Generational Gap in Learning
The existence of an identifiable generational gap between teachers and students affecting the learning process is suggested here. It begins around the social settings that surrounded the present day educator, and gets in conflict with the learning habits technology has promoted. Here, a brief explanation of how Acceleration (H. Rosa), Dyssynchrony (B-C. Han) & Hystheresis (P. Bourdieu) affect the aforementioned phenomenon is developed. Furthermore, a suggestion is given on how the concepts of Action (H. Arendt) and Resonance (H. Rosa) could reduce its widening.
Medicinal Plants: From Sanitary Fallacy to Medicine of the Future
This contribution is a brief review of the prohibition of psychoactive substances, mainly of medicinal plants at an international level, finding that the westernization of knowledge presents one of the obstacles when applying ancestral knowledge about herbal medicines.
In addition, it looks at the intersections between the fourth industrial revolution, the use of psychedelics and mental health.
Keywords: Psychedelics, Mental Health, Human Rights
Launch of the #RethinkProcess
The largest International Process of Reflection and Action for Knowledge Nomads was launched in Vienna. On December 15, 2019, with an exclusive presentation in Vienna, the European Institute for Multidisciplinary Studies on Human Rights and Sciences – Knowmad Institut, started the international process, #RethinkProcess, which has in its first stage 10 institutions from 8 countries…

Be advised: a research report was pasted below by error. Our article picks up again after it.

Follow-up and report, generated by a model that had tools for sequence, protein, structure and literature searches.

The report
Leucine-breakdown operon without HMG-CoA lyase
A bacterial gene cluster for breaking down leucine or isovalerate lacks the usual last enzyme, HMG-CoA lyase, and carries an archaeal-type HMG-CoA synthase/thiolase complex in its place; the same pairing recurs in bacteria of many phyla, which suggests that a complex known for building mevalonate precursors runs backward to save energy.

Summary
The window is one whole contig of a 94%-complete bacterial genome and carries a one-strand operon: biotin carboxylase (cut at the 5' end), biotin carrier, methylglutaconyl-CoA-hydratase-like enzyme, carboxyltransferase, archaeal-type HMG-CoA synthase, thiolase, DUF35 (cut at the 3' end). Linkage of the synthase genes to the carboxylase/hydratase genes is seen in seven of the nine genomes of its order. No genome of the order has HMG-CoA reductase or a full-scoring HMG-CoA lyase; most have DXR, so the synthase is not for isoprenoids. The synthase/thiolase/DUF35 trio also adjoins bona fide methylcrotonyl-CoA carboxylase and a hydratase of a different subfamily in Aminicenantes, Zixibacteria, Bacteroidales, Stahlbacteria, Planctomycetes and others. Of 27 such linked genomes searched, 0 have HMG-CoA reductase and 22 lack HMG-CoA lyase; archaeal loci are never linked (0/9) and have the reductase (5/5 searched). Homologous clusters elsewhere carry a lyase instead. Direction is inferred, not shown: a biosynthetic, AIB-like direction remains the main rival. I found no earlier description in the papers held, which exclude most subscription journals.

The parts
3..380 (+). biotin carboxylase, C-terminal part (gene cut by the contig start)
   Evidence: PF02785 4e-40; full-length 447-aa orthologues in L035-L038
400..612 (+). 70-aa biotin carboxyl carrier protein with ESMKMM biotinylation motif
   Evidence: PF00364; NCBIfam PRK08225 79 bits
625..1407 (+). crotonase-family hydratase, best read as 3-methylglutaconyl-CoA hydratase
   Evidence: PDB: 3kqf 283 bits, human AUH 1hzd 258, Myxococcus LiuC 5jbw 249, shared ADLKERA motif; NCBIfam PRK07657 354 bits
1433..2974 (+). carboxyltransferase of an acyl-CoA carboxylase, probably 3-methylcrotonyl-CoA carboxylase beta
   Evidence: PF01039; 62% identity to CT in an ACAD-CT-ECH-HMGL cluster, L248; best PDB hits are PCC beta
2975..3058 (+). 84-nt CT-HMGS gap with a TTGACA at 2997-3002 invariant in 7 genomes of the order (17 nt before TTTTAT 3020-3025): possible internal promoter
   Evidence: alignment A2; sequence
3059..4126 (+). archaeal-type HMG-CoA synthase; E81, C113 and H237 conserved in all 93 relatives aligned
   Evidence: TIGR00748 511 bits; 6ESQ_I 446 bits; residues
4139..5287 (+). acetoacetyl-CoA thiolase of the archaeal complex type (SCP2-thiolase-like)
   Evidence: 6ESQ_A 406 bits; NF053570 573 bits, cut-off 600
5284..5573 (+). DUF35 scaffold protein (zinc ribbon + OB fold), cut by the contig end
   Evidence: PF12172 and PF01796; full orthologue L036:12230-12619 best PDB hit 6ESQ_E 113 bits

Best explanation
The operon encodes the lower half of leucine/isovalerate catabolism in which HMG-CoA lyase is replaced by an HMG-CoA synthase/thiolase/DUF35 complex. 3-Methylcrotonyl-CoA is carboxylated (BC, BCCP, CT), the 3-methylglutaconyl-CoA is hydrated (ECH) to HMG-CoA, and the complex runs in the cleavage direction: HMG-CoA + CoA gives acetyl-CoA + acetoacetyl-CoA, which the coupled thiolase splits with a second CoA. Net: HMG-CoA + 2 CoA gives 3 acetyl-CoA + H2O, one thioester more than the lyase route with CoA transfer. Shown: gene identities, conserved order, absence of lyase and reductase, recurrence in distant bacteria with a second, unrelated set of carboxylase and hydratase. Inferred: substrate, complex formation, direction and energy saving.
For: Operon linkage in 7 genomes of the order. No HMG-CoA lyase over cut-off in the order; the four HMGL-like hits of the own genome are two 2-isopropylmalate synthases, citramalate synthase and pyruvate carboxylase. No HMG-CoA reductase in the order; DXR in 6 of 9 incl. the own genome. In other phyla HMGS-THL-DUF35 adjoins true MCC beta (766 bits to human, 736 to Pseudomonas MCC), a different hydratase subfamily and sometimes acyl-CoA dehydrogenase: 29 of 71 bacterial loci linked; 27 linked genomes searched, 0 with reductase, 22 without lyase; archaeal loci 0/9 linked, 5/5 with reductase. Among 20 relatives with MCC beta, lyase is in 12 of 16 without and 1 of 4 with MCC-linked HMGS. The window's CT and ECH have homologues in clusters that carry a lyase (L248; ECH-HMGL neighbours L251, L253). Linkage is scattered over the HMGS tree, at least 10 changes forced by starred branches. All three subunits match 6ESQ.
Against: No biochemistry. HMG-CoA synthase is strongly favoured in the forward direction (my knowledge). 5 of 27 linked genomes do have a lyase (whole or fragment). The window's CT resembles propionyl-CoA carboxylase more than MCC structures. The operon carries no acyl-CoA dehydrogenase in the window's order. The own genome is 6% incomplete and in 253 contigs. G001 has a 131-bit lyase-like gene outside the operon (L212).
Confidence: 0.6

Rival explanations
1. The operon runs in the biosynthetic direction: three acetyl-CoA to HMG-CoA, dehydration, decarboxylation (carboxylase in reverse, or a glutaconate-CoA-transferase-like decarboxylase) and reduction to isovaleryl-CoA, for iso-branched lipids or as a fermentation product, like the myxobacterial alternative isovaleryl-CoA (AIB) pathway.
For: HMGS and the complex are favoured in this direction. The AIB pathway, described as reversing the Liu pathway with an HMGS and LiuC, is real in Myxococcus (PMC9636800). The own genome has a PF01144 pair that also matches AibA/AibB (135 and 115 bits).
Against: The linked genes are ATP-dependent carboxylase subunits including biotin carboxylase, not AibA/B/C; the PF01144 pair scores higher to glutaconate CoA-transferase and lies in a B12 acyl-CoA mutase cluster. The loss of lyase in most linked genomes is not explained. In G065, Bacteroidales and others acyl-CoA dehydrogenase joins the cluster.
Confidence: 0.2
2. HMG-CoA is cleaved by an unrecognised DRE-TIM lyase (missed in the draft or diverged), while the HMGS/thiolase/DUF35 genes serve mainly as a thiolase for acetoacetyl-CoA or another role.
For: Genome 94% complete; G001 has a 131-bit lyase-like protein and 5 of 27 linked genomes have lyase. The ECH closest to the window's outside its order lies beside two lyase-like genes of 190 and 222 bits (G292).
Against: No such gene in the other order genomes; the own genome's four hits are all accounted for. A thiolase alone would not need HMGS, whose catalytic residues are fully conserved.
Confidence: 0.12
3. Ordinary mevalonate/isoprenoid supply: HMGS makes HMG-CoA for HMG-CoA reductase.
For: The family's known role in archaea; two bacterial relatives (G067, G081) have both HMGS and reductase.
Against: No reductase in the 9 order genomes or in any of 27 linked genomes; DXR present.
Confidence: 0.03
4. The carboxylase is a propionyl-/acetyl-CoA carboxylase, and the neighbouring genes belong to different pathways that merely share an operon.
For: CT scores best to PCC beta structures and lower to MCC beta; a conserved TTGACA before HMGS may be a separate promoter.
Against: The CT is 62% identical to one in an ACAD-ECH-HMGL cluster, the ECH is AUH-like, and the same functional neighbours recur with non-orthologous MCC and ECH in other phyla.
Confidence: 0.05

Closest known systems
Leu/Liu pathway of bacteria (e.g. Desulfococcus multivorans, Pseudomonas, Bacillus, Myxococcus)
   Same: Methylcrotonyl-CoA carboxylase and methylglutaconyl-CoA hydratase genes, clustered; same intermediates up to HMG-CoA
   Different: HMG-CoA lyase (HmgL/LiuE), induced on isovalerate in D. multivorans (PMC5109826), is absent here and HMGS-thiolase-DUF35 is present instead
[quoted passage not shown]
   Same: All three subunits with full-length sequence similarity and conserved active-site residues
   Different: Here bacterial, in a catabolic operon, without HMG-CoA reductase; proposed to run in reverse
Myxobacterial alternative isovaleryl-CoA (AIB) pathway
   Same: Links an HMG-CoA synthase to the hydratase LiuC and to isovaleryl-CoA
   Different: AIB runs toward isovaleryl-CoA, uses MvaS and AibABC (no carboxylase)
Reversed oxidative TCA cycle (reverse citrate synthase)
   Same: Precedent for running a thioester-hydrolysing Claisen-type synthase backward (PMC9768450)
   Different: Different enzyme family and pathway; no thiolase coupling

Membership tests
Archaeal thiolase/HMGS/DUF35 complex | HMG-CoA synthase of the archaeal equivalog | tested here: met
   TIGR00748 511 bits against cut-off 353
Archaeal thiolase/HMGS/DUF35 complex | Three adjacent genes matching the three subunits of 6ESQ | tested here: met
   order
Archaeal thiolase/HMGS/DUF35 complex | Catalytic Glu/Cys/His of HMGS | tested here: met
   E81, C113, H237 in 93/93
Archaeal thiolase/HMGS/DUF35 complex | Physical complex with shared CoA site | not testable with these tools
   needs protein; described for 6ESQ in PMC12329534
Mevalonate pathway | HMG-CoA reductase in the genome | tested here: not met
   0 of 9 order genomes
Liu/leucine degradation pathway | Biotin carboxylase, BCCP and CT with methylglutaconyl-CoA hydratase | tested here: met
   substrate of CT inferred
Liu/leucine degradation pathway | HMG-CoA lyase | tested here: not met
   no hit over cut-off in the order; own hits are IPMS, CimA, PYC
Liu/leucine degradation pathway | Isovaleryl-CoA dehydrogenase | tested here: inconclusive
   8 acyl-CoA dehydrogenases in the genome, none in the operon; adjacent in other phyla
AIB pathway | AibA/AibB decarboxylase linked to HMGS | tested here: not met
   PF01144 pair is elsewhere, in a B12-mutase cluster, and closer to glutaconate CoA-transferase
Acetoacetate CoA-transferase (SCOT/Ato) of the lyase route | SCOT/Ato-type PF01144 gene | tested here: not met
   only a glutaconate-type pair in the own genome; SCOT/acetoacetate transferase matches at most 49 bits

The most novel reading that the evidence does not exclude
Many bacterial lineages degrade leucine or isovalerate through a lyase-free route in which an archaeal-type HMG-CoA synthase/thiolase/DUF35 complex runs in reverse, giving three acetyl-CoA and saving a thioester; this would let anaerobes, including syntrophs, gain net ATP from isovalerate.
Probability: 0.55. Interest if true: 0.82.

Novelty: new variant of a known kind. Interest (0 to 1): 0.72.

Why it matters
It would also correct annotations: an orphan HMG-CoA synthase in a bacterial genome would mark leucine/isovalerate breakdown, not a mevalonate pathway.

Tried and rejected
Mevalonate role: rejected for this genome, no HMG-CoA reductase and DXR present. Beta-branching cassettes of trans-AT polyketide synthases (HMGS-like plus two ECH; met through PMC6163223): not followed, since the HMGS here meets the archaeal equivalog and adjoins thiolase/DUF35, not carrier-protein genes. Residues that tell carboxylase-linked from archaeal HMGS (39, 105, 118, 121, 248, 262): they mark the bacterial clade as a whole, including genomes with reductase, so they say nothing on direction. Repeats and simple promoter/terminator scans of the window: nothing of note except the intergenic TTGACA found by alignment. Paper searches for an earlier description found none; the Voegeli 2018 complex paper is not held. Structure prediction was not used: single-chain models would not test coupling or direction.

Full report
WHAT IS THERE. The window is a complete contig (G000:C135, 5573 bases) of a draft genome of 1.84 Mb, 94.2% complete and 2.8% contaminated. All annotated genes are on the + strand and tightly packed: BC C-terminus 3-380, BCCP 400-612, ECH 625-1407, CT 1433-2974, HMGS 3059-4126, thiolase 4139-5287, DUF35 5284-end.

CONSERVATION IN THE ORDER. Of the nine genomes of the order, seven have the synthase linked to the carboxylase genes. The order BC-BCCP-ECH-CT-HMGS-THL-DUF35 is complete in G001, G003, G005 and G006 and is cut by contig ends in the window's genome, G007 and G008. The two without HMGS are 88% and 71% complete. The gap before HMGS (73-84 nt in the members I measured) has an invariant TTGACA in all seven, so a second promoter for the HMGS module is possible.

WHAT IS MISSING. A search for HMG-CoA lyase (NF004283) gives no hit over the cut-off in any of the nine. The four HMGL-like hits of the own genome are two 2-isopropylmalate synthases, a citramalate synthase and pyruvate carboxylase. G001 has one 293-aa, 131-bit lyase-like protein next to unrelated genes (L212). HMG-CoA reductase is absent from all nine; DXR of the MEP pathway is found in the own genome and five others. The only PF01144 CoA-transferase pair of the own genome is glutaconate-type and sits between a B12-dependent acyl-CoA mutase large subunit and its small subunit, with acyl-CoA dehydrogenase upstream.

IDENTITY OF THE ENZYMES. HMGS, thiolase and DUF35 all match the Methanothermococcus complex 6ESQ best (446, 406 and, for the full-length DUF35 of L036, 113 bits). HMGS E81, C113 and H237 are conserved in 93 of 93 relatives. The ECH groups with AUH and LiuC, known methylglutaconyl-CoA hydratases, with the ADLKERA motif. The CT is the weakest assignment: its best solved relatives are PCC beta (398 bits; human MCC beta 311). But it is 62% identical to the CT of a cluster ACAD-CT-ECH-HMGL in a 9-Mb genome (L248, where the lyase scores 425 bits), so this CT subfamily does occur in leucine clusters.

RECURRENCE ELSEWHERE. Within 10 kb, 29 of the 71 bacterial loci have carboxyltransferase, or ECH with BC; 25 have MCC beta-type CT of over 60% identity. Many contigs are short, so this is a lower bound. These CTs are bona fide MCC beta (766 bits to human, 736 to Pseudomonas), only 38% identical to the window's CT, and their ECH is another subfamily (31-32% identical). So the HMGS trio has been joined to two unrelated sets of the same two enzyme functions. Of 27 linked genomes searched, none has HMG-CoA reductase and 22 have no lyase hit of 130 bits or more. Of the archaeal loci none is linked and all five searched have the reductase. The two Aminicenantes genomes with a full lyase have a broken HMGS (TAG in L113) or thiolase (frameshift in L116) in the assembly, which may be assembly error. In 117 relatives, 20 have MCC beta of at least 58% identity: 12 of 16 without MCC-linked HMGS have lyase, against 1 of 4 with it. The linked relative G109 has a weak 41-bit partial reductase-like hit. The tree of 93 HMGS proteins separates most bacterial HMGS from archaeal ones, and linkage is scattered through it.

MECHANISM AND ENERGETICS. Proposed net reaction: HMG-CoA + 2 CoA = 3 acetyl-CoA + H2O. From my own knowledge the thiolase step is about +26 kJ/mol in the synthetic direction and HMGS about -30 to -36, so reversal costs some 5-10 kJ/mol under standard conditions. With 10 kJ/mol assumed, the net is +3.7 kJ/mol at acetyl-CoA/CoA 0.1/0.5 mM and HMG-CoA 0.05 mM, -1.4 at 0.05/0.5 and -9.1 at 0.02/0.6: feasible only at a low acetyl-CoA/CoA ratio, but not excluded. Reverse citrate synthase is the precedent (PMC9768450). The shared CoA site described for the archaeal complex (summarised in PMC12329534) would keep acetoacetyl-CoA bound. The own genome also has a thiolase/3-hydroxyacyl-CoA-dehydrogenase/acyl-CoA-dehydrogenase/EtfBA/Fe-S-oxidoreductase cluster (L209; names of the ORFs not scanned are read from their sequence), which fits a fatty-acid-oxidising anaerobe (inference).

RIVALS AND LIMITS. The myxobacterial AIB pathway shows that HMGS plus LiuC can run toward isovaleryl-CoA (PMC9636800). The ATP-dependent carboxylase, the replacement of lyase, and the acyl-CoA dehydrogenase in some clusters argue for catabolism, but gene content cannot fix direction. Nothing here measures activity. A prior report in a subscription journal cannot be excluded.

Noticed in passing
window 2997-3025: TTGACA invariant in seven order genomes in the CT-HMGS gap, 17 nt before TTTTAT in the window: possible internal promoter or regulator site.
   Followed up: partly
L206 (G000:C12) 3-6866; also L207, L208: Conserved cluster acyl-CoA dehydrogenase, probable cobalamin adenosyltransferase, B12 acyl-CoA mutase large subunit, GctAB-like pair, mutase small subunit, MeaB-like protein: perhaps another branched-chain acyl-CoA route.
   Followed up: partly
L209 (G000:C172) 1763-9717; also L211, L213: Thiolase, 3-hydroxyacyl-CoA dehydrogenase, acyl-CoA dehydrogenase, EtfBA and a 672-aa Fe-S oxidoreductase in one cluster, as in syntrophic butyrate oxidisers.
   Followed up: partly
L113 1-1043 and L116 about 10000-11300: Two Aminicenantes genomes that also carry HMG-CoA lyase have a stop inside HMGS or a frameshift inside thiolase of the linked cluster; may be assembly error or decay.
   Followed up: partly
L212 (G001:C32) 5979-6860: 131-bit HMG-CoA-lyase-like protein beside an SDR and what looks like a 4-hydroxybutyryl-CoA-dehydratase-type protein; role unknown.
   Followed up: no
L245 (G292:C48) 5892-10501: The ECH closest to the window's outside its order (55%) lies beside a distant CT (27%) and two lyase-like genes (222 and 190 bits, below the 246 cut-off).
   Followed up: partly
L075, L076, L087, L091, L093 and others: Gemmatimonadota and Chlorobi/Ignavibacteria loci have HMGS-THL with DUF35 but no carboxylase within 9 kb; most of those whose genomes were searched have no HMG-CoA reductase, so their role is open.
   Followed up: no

Getting Factual: Pros and Cons of Cannabis Consumption
By Laurice Wardini, Author of Loud Cloud Health The general population appears to be changing the attitude toward consuming cannabis. Over the last century or so, there was the constant prejudice that its main use was to get “high.” The main propeller for this change was decades of experiments and high-end research, which eventually led…
Report: Cannabis & Sustainable Development
« …The tragedies caused by the lack of adequate and effective control of drug markets have increased social suffering, especially in relatively less developed countries and regions.
That is the reason why sustainable development opportunities must be taken as a guidance to improve the performance of drug policies. But this will not be possible without a strong public administration and efficient evidence-based public policies that, without repeating schemes worn out by the absence of results, take on the challenge of incorporating a new focus.
For all these reasons, we commend the efforts that Civil Society is undertaking to achieve an effective political incidence of this agenda, and we gladly join in an open dialogue where diverse voices and visions can fit. »
Diego Martín Olivera Couto,
Secretary-General, National Drug Council,
Office of the Presidency of the Republic, Oriental Republic of Uruguay.